Valve stem seals: replacement without pulling the motor

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The credits for this go to @pamcopete for the original idea, Grepper @ XS650 Garage USA. for improving on Pete’s idea, and Farrel @650central for doing a comprehensive write up, I followed Farrels write up to replace the intake valve seals on my XS2. Here is a link to Farrels article.

http://www.650central.com/smoking_due_to_worn_valve_seals.htm

I am not looking to re write the work already done, but to try and supplement their ingenious idea with a comprehensive set of photos. It took me 90 minutes to replace and photograph the first one, I was stopping and messing with lighting and trying to take clear photos. Some aspects of the job are a bit fiddly. Nothing was overly difficult but it does require some patience. The second seal took me 45 minutes. I had been prepared to pull my motor to do this job. So without further ado…….

Part One…..
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Note: the rope in this photo is shoved into an oil return passageway, in case you drop a collet, it won’t wind up in your crankcase.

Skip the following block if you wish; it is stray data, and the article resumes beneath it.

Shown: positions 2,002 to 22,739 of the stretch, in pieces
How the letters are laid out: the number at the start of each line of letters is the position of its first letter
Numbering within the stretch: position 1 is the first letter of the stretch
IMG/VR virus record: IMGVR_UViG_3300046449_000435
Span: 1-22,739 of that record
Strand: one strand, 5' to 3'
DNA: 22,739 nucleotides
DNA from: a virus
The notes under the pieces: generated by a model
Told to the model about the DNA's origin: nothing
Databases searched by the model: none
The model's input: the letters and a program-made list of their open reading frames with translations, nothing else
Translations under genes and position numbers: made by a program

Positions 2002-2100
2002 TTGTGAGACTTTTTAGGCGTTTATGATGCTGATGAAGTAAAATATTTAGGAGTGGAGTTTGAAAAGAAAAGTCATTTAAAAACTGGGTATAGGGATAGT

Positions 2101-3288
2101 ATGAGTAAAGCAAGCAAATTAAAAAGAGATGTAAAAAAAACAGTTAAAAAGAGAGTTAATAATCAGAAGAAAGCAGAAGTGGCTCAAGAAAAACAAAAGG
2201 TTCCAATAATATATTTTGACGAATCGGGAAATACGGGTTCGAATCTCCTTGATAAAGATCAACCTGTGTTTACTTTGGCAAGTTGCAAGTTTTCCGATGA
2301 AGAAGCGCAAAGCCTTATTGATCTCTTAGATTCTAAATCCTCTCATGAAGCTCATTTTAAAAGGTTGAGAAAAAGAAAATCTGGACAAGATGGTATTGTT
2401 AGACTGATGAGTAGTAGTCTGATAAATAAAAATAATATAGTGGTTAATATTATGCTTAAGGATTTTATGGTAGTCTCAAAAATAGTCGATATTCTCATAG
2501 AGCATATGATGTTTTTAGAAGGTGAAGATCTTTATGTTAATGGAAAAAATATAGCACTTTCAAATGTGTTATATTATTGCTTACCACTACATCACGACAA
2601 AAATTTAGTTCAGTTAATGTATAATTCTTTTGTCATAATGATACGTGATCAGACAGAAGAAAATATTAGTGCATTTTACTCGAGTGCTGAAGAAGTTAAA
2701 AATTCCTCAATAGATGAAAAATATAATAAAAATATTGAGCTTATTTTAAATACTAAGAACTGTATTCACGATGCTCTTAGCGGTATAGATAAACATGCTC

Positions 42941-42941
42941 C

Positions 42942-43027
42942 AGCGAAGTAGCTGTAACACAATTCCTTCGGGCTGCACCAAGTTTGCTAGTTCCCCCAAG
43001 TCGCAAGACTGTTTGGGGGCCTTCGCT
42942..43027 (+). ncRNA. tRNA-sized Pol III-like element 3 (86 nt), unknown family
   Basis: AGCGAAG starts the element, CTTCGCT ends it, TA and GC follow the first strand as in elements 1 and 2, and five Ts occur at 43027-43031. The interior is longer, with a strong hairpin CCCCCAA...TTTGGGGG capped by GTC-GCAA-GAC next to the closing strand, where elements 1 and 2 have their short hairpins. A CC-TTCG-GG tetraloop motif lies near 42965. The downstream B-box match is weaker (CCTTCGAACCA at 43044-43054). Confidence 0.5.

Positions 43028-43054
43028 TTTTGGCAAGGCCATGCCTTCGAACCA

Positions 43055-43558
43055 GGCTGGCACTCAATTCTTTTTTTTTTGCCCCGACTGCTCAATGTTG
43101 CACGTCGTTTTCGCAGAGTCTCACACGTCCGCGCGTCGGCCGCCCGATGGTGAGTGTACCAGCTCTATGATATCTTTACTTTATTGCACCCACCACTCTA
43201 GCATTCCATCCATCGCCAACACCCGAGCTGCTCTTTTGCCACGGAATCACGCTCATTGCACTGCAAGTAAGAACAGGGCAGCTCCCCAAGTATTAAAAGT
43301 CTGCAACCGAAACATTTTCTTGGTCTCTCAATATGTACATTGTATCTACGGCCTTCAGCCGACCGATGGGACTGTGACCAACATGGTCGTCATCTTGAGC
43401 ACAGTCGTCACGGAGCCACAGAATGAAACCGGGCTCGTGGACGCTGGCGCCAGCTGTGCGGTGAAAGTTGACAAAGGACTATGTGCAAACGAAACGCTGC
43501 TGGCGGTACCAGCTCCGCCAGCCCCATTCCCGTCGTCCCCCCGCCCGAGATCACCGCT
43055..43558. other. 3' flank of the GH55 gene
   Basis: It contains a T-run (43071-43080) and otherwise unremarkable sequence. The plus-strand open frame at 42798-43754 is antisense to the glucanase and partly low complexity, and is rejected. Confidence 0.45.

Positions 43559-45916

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Continued in Part Two…..
 
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Some follow up details.
I am trying out this set of Viton valve seals I found on EBay. I’m hoping these work well. They are just a little bit different looking, a double lip where it snaps over the valve guide and about .6mm taller.
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The home made valve compressor tool,
The first one I made , I found a 1/2” black pipe cast iron connector. It was very strong, but I buggered it up and wasn’t happy with the way it came out, so I went back to the hardware store to buy another. They were out of the cast iron connections, so I bought galvanized instead. It came out better but the metal was softer and right at the end of my job it bent on me.